My latest project is titled Nanocosmos. I'm using a SEM, or scanning electron microscope, to examine natural design at sub-millimeter scales. It's pretty incredible stuff, or at least, I'm amazed by the power of the instrument to peer into microns-sized intricacy. Last summer, I spent six weeks simply moving around, within, and essentially surveying a two-centimeter-wide sample stub in the vacuum chamber of the SEM at the Center for Bits and Atoms (this is at the MIT Media Lab, where I'm a "visiting scholar" these days). On top of the stub was a sprinkling of radiolarian skeletons—the highly complex, architectonic silica remains of single-celled marine organisms. Anyway, there must have been twenty-five or so of them on that single stub, and I roamed among them for weeks using that electron beam, feeling kind of like a tourist in Monument Valley.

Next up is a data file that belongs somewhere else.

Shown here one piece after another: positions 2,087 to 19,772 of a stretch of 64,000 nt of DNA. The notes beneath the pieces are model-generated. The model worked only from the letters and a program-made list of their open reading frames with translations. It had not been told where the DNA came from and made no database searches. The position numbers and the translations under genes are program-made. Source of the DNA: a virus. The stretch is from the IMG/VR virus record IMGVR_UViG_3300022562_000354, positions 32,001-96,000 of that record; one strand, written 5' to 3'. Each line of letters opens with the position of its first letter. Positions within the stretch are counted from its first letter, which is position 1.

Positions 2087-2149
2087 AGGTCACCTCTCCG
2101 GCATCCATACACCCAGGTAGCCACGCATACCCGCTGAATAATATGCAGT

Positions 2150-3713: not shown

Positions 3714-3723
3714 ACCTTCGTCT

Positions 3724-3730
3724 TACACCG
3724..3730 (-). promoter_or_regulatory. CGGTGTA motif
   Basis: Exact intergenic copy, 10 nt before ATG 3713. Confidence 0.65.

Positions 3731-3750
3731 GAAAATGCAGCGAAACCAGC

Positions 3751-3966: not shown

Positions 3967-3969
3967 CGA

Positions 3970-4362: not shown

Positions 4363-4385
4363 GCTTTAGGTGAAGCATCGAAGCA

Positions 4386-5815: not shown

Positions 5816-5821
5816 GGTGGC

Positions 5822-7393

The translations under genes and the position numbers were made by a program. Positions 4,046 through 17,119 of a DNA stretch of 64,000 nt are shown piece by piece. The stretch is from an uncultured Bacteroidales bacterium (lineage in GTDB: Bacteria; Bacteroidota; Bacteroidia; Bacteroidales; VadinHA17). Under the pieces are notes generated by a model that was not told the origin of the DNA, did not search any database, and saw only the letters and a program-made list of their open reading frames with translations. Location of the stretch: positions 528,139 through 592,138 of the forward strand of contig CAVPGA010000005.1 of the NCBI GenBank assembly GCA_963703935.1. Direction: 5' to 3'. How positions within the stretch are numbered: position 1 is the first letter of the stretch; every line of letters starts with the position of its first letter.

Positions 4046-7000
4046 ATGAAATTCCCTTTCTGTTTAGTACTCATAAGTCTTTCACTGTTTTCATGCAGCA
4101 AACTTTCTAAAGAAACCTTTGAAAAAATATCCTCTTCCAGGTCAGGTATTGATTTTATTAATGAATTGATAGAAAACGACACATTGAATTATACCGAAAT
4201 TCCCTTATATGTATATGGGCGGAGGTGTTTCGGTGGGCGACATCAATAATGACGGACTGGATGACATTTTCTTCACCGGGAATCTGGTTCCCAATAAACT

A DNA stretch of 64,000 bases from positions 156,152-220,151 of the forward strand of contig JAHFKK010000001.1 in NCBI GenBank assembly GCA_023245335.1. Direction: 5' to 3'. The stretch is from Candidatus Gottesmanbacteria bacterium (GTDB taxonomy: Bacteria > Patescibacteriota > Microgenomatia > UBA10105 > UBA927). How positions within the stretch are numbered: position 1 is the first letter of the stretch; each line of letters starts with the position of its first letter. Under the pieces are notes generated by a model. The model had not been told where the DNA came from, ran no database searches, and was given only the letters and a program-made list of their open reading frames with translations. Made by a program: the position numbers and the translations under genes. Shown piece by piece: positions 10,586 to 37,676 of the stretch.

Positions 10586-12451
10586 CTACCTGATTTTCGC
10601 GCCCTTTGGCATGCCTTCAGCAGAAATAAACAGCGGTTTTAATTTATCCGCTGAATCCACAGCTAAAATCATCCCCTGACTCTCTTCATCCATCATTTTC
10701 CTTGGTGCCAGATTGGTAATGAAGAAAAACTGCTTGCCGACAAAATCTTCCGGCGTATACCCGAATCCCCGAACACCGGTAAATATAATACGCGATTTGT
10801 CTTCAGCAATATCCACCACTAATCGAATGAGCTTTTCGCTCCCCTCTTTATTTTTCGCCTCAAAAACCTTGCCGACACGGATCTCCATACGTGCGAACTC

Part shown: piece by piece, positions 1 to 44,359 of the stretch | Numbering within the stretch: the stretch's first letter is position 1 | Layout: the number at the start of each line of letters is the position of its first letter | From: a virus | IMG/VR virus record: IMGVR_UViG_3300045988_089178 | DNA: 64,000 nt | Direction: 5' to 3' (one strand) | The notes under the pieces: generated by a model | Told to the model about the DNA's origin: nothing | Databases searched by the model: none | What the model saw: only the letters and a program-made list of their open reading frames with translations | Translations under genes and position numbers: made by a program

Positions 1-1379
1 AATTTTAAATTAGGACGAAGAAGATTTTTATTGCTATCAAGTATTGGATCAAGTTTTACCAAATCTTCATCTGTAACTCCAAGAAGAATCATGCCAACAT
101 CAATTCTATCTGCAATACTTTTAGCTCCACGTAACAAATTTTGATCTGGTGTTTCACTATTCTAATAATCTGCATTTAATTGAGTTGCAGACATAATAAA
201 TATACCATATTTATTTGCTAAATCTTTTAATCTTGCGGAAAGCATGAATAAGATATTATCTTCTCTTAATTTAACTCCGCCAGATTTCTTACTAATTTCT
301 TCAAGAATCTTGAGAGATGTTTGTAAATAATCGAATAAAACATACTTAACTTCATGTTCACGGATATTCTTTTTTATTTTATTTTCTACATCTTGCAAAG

Next time I'll play a little "Interstellar" soundtrack as I do that. Though, I was disappointed by the film. But that, as they say, is a different story.

Mimas Above Saturn's Rings and Shadows, Cassini, November, 7, 2004 [2012]


When did your curiosity about space-time merge with your photographic pursuits? How did that first happen?